Asia India

Khajuraho – home of the Kama Sutra and ‘sexy’ temples

Yeah that got your attention didn’t it?

Every now and again when you are travelling you come across a real gem, something completely unexpected that you have never heard of before.

While all of India was fascinating, for us, Khajuraho was that gem.

We had no idea what to expect in this city of temples, and were blown away by the architecture and the history of the place.

The temples are UNESCO World Heritage listed – as you would expect – and are the legacy of the Chandela dynasty.

They were built between AD 900 and 1100, however when Chandela lost power the temples were ‘lost’ and were subsequently left hidden for 700 years until an English Army officer rediscovered them.

Eighty-five temples were built, but only 25 remain standing – although while we were in Khajuraho we were told another temple had been found buried beneath a mountain – made me think about the mountains around us in a whole new light. What other delights might be buried?

The temples are separated into the Western and Eastern/Southern groups. They are adorned with relief images of all facets of human life, including (much to Adrian’s delight) images straight out of the kama sutra! (Of course you can pick up any number of souvenirs based on the images!)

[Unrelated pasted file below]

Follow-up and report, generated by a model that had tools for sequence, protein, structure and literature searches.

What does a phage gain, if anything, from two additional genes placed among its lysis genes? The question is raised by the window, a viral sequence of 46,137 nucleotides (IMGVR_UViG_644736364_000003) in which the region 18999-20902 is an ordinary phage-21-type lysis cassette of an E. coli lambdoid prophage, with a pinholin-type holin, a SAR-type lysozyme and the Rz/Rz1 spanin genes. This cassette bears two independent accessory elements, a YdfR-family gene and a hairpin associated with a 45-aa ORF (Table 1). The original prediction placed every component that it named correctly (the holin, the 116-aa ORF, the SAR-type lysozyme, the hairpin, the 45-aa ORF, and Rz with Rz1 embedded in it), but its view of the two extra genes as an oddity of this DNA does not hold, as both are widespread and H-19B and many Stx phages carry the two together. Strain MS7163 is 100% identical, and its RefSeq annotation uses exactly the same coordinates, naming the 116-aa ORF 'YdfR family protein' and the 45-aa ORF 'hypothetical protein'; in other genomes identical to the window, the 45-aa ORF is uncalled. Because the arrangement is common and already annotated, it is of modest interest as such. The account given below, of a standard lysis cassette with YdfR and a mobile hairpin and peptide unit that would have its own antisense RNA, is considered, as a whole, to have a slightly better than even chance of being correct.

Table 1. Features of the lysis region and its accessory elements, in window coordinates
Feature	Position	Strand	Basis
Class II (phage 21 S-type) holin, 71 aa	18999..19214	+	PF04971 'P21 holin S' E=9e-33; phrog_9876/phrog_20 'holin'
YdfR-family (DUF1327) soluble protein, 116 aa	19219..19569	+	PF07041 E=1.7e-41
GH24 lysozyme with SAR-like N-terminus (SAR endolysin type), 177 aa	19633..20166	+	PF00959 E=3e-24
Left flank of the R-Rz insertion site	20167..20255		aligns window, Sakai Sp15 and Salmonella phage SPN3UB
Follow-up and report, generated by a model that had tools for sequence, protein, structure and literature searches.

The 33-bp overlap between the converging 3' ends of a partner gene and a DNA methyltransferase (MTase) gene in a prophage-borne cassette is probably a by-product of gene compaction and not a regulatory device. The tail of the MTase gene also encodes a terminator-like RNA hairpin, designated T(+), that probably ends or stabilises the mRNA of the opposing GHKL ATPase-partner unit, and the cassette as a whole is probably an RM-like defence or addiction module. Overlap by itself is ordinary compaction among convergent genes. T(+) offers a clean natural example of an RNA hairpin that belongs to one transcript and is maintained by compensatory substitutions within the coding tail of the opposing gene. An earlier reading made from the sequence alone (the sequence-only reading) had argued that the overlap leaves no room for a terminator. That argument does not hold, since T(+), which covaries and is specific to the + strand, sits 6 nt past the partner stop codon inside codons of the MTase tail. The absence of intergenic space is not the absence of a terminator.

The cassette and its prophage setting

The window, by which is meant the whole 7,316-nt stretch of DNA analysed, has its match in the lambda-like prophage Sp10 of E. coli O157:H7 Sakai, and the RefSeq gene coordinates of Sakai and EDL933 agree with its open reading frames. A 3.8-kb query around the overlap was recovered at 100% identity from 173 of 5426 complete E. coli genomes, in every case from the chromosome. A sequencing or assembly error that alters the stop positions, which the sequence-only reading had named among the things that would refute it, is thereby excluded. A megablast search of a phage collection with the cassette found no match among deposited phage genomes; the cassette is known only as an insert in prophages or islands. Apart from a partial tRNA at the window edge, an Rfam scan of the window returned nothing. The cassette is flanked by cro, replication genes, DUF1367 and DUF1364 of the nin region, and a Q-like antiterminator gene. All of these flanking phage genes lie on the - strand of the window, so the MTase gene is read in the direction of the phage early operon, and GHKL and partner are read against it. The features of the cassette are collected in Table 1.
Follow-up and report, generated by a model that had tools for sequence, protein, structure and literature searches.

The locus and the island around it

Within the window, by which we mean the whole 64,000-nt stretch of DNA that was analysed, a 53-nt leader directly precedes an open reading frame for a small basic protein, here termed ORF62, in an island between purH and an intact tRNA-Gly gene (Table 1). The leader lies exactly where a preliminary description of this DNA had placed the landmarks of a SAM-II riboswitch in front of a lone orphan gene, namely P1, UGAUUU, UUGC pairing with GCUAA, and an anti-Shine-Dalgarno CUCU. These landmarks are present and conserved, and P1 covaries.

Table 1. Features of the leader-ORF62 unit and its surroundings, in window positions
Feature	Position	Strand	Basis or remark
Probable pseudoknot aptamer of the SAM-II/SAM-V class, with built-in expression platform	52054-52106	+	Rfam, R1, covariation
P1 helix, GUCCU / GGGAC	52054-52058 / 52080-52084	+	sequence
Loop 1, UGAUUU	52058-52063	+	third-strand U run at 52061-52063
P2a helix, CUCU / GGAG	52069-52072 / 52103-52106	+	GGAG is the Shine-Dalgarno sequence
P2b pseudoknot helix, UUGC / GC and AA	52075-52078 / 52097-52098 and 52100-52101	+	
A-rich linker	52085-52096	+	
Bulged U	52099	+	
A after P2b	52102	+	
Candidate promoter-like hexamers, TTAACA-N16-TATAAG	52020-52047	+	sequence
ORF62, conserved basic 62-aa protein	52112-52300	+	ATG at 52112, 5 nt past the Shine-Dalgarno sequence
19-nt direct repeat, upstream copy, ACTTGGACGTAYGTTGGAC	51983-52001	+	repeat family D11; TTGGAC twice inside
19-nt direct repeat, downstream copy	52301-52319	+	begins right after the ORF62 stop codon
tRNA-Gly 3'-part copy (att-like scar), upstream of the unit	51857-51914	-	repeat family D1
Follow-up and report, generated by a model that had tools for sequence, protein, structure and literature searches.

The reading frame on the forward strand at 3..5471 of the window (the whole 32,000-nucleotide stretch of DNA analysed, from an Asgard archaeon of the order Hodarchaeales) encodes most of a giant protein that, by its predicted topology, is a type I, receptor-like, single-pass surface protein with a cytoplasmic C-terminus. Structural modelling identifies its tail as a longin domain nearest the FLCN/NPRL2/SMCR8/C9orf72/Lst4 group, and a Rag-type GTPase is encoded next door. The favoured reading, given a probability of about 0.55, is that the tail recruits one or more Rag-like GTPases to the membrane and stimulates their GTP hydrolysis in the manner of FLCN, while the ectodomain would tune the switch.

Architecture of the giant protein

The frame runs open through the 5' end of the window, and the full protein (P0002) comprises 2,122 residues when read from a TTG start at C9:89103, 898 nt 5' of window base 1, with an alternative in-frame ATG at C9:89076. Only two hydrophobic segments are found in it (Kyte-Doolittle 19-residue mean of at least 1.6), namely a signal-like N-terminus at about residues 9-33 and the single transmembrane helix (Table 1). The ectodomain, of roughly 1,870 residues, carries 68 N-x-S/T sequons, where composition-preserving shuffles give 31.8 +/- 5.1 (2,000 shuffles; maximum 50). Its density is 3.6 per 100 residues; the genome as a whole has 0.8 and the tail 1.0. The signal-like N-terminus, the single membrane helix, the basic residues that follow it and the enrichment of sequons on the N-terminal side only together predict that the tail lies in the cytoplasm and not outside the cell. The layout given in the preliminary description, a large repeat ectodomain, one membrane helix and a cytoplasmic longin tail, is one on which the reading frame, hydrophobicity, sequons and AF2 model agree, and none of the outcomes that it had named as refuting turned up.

Khajuraho Pano (1 of 7)

The temples are amazing, so detailed and while they are in various states of repair – some still completely intact while others have lost much of the detail – all are really interesting.

It’s hard to comprehend the size and scale of each of the temples until you are standing next to them – dwarfed by the amazing buildings. You can go into each of the temples – just look out for the bats.

Khajuraho itself feeds off tourism and each shop sells much the same as the one next to it. It’s a pleasant town, but the constant badgering by the shop owners can become a little annoying.

The town is also close to another national reserve – Phana Reserve. We hadn’t read anything about this reserve but one of the staff in the hotel told us about it and said it was home to some tigers. We were sold, so headed out for a half day tour.

We saw plenty of birds, crocodiles, monkeys and deer, but still no tigers. When we got back to the hotel that night, the owner told us there weren’t any tigers in the reserve, they’ve all been moved to a separate park for their protection. Ah well, it was still a pleasant way to spend half a day.

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Khajuraho Pano (4 of 7)

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